Kid shook his head in annoyance. "Why? I'm tellin' ya, Heyes, there's somethin' movin' up ahead."
Heyes humored him. "Come on, Kid. So where is it now, in the hills?"
"Nope, still in the road."
"We've ridden a long way since you first saw it. Maybe you're just seeing things."
"I'm not seein' things. I tell ya there's somethin' up ahead."
"And what is it?"
Heyes rolled his eyes. Impatiently, "And what's moving?"
Curry peered ahead, pausing to focus. Finally, "I don't know, but it's movin'."
Heyes rubbed his face, taking in his partner. Sure, Kid could be excitable at times, but he was mostly a steady sort. And he normally did not wither in the heat; complain maybe, but not wilt. But they had been plodding along all day, and the day before that, and the day before that, with barely a rest, eager to escape the bone-dry. Was Kid cracking on him? Today they had stopped only twice and then briefly at that to answer nature's call and let the horses drink a little from the canteens. Between jobs and low on funds, time was of no essence, except for the next watering hole.
They had come to Kansas a couple weeks before on a lark, for a change of scene, hoping to pick up a little job or poker here or there, but nothing had panned out. Heyes felt the odds of same diminishing, and they had turned west to return to Colorado, although he still hoped for better luck in Dodge, or Fort Wallace, or wherever the wind, or lack thereof, blew them on the way. The listlessness of the season and the monotony of the trip made the days seem twice as long to Heyes, and who knew how long to Kid.
Another little while passed in silence. Curry remained ever vigilant, blue eyes straight ahead, mesmerized. Finally, Heyes heard an all too familiar click -- Kid had unholstered his Colt and had it at the ready.
Heyes took in the landscape. He saw nothing that should alarm his partner. "Kid, what're you doing?"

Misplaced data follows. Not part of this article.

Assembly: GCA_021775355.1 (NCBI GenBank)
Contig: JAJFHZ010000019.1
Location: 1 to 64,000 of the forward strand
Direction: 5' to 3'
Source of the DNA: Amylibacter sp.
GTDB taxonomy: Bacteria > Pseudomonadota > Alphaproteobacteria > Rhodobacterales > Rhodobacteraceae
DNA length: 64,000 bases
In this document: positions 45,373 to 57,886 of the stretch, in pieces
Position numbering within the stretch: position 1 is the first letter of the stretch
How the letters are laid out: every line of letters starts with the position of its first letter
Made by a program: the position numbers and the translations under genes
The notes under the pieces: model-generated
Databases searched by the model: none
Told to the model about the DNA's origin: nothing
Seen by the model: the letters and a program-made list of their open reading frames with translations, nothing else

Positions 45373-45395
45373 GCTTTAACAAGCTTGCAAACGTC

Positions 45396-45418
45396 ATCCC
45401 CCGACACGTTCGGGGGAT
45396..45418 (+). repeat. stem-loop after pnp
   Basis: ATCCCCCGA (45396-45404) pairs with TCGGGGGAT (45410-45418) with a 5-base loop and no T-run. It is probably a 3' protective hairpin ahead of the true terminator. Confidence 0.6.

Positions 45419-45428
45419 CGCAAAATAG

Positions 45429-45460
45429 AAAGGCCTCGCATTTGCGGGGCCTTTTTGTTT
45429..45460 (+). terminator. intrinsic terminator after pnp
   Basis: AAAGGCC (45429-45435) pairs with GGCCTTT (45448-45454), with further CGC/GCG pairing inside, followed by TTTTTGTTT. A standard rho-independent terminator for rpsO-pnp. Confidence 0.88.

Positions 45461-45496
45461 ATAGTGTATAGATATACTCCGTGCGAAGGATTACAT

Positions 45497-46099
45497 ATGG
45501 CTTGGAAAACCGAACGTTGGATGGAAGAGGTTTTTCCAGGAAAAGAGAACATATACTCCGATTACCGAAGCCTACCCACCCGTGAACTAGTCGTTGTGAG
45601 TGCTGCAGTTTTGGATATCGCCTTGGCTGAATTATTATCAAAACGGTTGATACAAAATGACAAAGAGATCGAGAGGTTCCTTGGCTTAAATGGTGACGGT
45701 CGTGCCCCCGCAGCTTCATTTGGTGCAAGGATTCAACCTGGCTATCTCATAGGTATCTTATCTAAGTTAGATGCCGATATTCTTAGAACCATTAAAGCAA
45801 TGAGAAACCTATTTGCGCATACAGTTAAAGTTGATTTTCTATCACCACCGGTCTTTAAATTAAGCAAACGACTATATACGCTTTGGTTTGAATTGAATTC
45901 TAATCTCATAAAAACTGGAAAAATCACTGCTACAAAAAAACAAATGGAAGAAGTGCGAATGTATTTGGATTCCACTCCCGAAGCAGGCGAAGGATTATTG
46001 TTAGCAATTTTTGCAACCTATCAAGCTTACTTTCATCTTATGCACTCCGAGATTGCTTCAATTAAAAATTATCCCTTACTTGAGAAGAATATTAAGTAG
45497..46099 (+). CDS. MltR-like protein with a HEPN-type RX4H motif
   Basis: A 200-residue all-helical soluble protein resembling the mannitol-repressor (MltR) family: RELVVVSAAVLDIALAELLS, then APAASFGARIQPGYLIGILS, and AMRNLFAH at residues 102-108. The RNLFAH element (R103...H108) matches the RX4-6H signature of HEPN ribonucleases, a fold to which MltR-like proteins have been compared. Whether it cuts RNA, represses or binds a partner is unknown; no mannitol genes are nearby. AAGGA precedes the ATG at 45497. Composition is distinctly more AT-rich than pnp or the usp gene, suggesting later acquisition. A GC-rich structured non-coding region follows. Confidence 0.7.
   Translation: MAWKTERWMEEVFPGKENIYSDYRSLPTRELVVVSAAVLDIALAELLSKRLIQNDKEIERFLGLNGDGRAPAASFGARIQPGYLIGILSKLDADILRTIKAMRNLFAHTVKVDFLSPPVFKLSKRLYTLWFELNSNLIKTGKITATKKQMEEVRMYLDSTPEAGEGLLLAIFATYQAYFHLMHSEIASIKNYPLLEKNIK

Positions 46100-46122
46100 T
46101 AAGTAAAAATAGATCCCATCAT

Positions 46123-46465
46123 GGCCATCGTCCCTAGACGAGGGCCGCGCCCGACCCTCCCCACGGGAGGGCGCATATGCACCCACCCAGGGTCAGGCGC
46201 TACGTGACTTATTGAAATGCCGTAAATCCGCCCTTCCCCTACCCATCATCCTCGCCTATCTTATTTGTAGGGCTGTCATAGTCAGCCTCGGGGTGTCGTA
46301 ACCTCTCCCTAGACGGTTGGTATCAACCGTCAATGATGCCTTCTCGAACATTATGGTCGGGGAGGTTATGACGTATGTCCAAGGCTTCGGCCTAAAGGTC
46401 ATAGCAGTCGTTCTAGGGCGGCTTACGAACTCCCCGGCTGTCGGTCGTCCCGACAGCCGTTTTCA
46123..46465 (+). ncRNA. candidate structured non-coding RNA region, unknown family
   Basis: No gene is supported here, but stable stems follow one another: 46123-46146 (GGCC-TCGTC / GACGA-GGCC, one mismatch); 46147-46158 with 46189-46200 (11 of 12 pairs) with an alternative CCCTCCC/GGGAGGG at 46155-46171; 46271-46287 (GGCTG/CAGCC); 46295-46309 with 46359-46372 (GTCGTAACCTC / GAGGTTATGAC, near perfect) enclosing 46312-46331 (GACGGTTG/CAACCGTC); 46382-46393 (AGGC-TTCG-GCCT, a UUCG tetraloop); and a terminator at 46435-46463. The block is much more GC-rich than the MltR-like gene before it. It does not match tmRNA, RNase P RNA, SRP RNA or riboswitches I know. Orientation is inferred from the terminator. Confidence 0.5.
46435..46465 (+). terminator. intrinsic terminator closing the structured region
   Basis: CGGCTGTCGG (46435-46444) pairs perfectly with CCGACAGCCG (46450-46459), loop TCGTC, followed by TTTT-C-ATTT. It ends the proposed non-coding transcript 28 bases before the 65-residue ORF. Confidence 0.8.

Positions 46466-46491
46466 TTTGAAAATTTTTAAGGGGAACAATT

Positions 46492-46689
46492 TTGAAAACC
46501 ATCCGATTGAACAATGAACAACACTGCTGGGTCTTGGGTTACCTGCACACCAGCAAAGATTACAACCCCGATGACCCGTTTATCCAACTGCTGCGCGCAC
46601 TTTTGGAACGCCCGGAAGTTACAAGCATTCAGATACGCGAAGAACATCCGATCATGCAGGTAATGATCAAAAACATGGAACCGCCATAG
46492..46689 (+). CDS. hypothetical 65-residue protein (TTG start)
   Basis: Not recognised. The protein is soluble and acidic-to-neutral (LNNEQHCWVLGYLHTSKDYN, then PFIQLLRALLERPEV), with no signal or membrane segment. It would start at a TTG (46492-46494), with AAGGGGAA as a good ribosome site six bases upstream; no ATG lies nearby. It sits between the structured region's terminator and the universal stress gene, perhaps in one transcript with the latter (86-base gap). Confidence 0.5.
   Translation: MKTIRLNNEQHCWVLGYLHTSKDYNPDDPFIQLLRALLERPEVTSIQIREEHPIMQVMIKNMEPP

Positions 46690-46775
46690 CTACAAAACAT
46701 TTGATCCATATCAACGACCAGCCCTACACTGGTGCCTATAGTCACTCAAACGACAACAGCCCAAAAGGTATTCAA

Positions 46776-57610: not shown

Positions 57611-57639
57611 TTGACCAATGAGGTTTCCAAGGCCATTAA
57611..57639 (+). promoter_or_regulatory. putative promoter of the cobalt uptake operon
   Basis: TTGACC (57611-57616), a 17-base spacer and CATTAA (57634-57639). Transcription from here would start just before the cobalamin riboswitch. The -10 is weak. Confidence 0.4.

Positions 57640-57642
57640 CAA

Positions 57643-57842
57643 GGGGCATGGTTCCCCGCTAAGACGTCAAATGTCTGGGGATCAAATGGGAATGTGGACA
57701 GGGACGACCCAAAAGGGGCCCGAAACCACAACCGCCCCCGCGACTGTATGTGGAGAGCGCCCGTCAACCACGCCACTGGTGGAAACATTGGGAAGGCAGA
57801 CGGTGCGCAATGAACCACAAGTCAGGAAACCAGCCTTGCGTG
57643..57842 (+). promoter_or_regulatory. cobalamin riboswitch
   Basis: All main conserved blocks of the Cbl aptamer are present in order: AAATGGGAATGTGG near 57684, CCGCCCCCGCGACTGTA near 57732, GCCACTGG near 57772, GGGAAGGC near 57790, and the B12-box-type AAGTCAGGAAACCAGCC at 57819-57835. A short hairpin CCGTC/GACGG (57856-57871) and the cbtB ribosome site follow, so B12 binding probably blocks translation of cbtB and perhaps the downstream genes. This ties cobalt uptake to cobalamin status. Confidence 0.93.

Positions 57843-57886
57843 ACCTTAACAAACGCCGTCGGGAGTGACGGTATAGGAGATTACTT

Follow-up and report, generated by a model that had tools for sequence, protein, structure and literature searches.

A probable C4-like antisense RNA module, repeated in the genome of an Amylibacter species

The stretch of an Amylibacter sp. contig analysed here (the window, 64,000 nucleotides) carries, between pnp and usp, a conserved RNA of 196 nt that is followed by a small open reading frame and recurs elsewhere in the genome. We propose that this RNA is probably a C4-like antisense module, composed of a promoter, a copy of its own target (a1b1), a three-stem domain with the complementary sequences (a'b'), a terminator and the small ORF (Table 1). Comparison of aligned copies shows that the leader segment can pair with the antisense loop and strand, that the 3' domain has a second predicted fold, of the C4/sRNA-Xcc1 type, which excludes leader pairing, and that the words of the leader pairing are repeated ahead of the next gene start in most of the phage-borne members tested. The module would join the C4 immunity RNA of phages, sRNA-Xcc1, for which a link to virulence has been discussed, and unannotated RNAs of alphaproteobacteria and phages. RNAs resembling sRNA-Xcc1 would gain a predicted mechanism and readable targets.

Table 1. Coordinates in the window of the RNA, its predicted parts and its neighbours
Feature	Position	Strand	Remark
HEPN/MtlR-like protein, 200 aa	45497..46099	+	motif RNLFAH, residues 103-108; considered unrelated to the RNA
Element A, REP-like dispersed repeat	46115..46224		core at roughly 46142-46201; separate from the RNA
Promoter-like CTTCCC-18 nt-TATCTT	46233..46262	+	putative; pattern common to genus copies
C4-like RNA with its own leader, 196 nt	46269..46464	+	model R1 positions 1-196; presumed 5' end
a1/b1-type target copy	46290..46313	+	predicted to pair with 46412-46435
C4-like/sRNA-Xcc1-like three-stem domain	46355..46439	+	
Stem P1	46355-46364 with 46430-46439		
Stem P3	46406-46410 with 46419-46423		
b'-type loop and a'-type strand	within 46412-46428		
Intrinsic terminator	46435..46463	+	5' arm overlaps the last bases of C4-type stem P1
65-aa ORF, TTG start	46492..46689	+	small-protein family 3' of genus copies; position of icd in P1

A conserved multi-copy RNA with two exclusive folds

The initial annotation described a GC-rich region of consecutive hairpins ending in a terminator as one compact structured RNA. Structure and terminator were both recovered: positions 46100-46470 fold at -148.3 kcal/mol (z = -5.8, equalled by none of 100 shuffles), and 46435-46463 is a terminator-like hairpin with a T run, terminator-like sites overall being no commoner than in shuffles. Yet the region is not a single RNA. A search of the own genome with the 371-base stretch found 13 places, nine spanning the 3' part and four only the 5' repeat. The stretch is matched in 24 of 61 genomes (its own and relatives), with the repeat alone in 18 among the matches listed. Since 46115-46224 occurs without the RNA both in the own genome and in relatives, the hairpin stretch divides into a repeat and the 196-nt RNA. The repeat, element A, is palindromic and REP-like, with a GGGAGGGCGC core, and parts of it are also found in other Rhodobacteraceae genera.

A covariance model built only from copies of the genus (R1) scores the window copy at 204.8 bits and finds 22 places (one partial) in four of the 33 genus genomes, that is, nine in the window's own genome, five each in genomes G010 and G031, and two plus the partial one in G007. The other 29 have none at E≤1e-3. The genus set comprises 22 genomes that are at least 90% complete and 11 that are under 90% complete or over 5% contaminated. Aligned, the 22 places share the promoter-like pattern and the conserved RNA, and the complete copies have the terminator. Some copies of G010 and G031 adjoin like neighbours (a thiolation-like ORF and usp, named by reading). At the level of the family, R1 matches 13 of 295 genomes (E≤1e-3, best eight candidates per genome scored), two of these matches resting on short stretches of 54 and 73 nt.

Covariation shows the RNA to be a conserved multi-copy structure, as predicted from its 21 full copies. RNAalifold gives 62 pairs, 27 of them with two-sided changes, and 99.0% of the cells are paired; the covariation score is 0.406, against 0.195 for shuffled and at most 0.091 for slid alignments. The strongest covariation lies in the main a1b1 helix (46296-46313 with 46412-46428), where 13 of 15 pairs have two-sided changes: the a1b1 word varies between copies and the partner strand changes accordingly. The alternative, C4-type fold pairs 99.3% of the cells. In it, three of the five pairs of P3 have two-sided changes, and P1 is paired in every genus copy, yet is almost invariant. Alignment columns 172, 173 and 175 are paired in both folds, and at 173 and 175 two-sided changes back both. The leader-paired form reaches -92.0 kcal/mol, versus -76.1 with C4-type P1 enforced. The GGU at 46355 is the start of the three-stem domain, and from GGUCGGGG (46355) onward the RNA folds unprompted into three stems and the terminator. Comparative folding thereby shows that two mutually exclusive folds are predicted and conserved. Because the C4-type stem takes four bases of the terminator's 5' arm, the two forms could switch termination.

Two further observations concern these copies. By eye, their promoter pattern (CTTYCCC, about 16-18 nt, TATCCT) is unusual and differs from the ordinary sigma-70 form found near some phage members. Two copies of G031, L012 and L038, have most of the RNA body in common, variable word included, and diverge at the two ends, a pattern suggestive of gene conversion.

Louder, slower, calmer, "Kid?"
Finding himself surprised at the steadiness of Curry's voice, Heyes tried to mask his growing concern. "What's the gun for?"
"Just in case."
"In case what?"
Kid turned to his partner, annoyed. He sighed. "You know, Heyes, just in case."
The next ten minutes for Heyes passed at both ends of an emotional spectrum: Guarded elation at seeing a bit more green on the hills growing ever closer and worry as Curry remained on high alert and at the ready, but for what?
Suddenly, Kid shifted in his saddle, took aim, and emptied the chamber. His mount skittered. Then, calming and checking the horse, he reloaded the Colt and holstered the weapon.
Heyes pulled alongside and looked at him, dumbfounded. "What was that?"
Kid wore a smug, almost silly, expression. "You'll see."
"Uh huh. Is 'it' still moving?"
"Nope. It stopped."
Heyes' brow furrowed. They had almost reached the hills, which in turn practically obliterated the sun. It should be cooling off soon, at least a little bit. That had to help.
Kid dismounted. By this point, Heyes could only watch as his partner grabbed a rope and walked down the trail. Lost in thought, he sighed and closed his eyes. For the first time, he realized how tired he really was; the heat had drained him. What had it done to his partner? Exhausted or not, in a role reversal he would steel himself to keep an eye on Curry tonight.
In the meantime, Heyes watched in fascination as Kid tied something up, ambling slowly back, grinning widely. The dark-haired man squinted as Curry held up the bundle: two fat sagehens!
Relieved, but also inwardly kicking himself for doubting his partner, Heyes smirked. "That was the movement?"
"Yep. These two must've gone plum loco in the heat, ahead of us the whole time, crossin' over the road, back and forth."
Heyes had to say it. "So why did the sagehen cross the road?"
Kid laughed. "To wind up on our dinner plates!"
Fast is fine, but accuracy is everything. ~ Wyatt Earp